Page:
BERLIN (Reuters) - German Finance Minister Wolfgang Schaeuble signalled a softer stance on European banking union on Tuesday, saying that rather than waiting for a treaty change, governments should coordinate policies on closing banks.
A banking union is critical to Europe’s efforts to overcome the euro zone’s sovereign debt crisis. A first step involves creating a Europe-wide banking supervisor under the European Central Bank, to be followed by a scheme for bank resolution - closing or salvaging struggling banks.
Just last month in Dublin, Schaeuble appeared to slam on the brakes by saying the EU needed to consider treaty change due to the “doubtful legal basis” on which this project rested. That sparked a backlash from EU officials and partners like France.
But Schaeuble struck a more conciliatory tone on Tuesday, saying at a joint event in Berlin with his French counterpart Pierre Moscovici that banking union was a “priority project” and promising to press ahead with it “quickly”.
Banking union could move ahead for now by harmonising national resolution schemes, he said.
“We must make the best of it on the basis of the current treaties, and where we do not manage to achieve things institutionally, then we will work inter-governmentally or even bilaterally,” he said at the Berlin university event.
A German finance ministry official said Schaeuble’s “ideal scenario” was to get agreement on banking resolution before the European summer recess, adding that without a new EU treaty providing legal backing for a common resolution authority, “you can work with a network of national authorities”.
That chimed with Moscovici’s comments at a news conference later in Berlin that the EU should aim to make “decisive progress” by the end of June on the banking union.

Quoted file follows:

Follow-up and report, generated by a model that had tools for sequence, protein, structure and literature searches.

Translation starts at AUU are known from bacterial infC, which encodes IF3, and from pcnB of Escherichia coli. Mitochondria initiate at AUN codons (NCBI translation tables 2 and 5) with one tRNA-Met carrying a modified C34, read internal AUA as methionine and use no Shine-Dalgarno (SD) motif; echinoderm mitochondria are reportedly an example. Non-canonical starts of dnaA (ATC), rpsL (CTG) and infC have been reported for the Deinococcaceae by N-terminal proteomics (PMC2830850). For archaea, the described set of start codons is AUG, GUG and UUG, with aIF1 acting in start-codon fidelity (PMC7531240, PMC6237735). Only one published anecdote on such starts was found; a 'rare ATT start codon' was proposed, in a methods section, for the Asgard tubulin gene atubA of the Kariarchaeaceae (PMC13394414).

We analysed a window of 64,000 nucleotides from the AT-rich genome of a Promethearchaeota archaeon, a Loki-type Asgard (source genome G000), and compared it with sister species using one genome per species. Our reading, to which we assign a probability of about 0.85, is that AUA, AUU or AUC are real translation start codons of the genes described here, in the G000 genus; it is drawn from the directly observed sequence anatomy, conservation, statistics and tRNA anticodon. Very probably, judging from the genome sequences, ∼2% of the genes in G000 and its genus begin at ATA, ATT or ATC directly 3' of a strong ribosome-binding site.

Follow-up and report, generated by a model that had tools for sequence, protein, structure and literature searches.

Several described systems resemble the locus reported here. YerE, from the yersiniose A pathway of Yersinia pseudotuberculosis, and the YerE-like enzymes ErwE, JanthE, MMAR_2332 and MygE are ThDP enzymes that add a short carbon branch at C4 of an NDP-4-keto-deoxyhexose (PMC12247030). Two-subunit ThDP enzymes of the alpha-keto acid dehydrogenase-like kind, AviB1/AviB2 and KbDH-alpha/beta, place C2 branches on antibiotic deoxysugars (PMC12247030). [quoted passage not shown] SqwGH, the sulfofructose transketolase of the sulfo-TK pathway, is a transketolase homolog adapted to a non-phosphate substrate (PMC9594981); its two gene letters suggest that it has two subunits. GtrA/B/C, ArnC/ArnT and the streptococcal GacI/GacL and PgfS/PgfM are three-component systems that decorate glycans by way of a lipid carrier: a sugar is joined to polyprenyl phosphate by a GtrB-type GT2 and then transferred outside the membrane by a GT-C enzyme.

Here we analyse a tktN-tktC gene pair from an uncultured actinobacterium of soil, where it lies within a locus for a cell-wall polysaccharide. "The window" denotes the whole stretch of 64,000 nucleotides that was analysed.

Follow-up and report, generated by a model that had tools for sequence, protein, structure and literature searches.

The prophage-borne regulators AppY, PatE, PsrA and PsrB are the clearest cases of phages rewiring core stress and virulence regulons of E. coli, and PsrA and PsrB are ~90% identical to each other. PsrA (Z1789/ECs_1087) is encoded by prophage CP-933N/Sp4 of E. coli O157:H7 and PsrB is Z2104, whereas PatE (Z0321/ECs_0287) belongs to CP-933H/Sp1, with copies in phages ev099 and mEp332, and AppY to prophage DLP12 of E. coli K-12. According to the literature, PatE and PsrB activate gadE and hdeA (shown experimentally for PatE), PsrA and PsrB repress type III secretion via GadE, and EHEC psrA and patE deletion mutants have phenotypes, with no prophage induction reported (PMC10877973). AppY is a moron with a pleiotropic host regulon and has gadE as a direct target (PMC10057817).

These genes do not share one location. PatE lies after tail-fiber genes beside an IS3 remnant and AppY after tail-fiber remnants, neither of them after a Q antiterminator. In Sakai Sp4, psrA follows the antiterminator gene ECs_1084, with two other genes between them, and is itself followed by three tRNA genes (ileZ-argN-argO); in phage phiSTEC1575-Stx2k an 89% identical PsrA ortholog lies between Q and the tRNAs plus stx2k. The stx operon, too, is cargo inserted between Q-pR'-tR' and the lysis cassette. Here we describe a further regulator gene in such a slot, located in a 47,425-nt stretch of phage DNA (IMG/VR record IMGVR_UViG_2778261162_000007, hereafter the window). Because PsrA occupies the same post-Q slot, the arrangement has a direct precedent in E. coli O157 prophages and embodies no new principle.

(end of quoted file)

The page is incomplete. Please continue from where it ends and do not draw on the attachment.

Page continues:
French President Francois Hollande welcomed Schaeuble’s comments, saying: “It is absolutely essential that we can have the banking union without changing treaties - that has always been France’s position.”
International Monetary Fund chief Christine Lagarde emphasised the need for broad agreement, telling students in Amsterdam: “You need to have all the players at the table.”
Germany, which holds an election in September, has previously emphasised caution and careful preparation in the drive for a banking union, fearing its citizens might wind up picking up much of the liabilities.
German Chancellor Angela Merkel has insisted on austerity measures to cut the euro zone’s public debt and overcome the crisis, but Moscovici urged Berlin to show more understanding for the plight of struggling southern countries.
“It is true that Germany is very attached traditionally to rules and discipline, which are things we need - but at the same time we have to be capable of flexibility, of understanding and of respecting our diversity,” the French Socialist said.
Last week, the Commission, the EU’s executive body, granted France - the euro zone’s second largest economy - two more years to cut its public deficit to below three percent of gross domestic product (GDP).
Unlike Germany, where the economy remains relatively robust and unemployment is near two-decade lows, France has record jobless numbers.
Moscovici said countries had to reduce their public debt but at an appropriate pace. “We will continue our efforts to tackle the structural (budget) deficit,” he said. “France is a serious country conducting a credible policy, we do not renounce (fiscal responsibility).”
Some experts have also suggested higher German wages would encourage workers to spend more on goods and services in other euro countries, but the heads of both the German and French central banks cautioned against any steps that might undermine German competitiveness.
“Weakening Germany would just weaken the whole euro zone,” Bundesbank chief Jens Weidmann told the news conference with Schaeuble, Moscovici and French central banker Christian Noyer.
Echoing his comment, Noyer said: “The issue is not, and cannot be, about reducing Germany’s performance and its export capacity. It is about raising the euro zone’s overall performance ... It clearly requires competitiveness reforms in all countries.”
Additional reporting by Gareth Jones and Sarah Marsh in Berlin and Julien Ponthus in Paris, Writing by Gareth Jones, Editing by Noah Barkin/Ruth Pitchford